Ally Bank expands mobile offerings to iPad
Further expanding its suite of mobile services for customers, Ally Bank, the direct banking subsidiary of Ally Financial Inc., has launched a mobile app designed specifically for the iPad tablet in response to findings that nearly one-third of its customers are using mobile devices for their banking needs.
Designed to deliver an exceptional experience for consumers, who increasingly are shifting their device preferences toward tablets, the app offers the same secure banking experience and all the functionality of Ally Mobile Banking for smartphones. Ally’s iPad app also introduces new features such as the ability to research products, view rates and open a new account from the app.
“On the whole banks have been relatively slow to meet consumer demand for mobile banking services, with initial forays focused on replicating basic banking tasks, such as checking balance, transactions and in limited instances the ability to transfer money and pay bills,” said Nitesh Patel, director of wireless media strategies, Strategy Analytics.
“Beyond enabling users to perform basic tasks we’ve yet to see banks really use the mobile app for offering financial products such as loans or insurance, and I see that as the next phase in development.”
Lead by design
Recognizing that there are clear distinctions between smartphone and tablet users including the time of day and locations where consumers use their smartphones and tablets, Ally Bank launched the iPad app for added convenience.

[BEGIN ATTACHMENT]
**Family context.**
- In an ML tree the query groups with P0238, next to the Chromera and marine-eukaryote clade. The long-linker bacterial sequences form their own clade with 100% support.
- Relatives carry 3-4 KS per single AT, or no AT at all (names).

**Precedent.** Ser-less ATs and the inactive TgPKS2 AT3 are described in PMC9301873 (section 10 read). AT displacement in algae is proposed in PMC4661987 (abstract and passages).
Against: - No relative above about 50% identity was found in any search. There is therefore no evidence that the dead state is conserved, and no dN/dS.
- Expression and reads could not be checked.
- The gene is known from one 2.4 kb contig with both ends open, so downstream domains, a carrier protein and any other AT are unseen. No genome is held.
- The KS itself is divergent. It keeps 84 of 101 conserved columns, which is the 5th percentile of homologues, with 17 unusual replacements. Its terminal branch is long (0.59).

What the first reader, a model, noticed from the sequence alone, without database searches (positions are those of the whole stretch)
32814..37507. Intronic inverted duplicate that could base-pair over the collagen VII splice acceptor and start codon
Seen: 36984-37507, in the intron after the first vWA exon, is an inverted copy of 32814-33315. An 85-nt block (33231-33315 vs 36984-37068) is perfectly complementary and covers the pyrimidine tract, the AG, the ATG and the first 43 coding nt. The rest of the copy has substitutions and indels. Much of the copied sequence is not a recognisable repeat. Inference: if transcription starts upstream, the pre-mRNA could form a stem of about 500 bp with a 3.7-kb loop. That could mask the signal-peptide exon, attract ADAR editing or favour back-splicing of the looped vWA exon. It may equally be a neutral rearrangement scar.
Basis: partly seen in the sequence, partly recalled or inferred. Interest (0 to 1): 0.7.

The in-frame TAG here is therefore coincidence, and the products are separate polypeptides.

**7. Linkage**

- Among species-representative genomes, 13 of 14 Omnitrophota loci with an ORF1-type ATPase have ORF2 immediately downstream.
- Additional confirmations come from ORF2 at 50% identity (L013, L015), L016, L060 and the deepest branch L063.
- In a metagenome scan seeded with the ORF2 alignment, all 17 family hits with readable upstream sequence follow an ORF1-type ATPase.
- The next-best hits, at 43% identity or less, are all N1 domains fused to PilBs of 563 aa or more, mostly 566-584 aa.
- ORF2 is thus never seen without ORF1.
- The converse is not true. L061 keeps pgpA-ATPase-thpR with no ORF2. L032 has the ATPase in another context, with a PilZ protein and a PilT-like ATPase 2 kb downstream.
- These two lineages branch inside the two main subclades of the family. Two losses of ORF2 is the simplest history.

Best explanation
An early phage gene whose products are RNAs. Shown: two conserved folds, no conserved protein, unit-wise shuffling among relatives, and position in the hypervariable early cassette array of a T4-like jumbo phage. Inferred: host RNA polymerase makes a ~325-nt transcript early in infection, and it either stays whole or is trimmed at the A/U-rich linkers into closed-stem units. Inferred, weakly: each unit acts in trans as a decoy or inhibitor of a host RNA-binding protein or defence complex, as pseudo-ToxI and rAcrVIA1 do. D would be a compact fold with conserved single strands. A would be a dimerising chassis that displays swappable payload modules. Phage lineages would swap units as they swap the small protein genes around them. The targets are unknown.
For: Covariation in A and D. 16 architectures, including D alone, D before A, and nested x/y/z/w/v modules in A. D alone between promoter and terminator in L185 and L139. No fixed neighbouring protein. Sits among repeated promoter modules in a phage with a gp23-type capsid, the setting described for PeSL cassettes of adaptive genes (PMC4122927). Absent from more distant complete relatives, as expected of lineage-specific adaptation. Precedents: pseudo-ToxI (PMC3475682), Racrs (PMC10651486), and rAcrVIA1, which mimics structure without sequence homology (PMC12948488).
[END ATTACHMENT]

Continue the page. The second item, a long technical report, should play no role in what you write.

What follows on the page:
Customers will now have access to a new activity calendar that highlights key scheduled transactions on a monthly view. They will also be able to easily track CD interest accrued through the new CD growth chart.
The simple, intuitive design was first introduced with Ally’s iPhone mobile banking app and provides a sneak preview of what customers will experience with the redesign of Ally’s website scheduled to launch later this year.
The simplified account dashboard highlights key balance information at login, and the new design optimizes interactions expected of a tablet app, such as drop down menus, tap-friendly links and animated interactions.
Future tablet implications
According to major research firms that track sales of computer and digital devices, tablet sales are expected to overtake PC sales in the near future, with one third of the total U.S. population using tablets by 2015.
Mobile banking continues to grow in popularity, as consumers adapt to the effective and efficient convenience of conducting many of their banking transactions without ever having to set foot in a bank branch.
Ensuring security while maintaining the customer experience is critical to the banking industry as it attempts to improve profitability and efficiency by using digital products. The fragmentation of smartphone platforms in the market between Android, iOS, Windows Mobile, etc. means banks need to create multiple version of their apps to address their entire customer base.
“It’s not really ideal to market a mobile banking app or product to just 30 percent of your customers,” Mr. Patel said. “The phone is there in your pocket 24-7 so it’s basically an interface to your bank at users’ fingertips and provides great convenience to bank customers that are already using online banking services.”
Michelle is editorial assistant on Mobile Commerce Daily, New York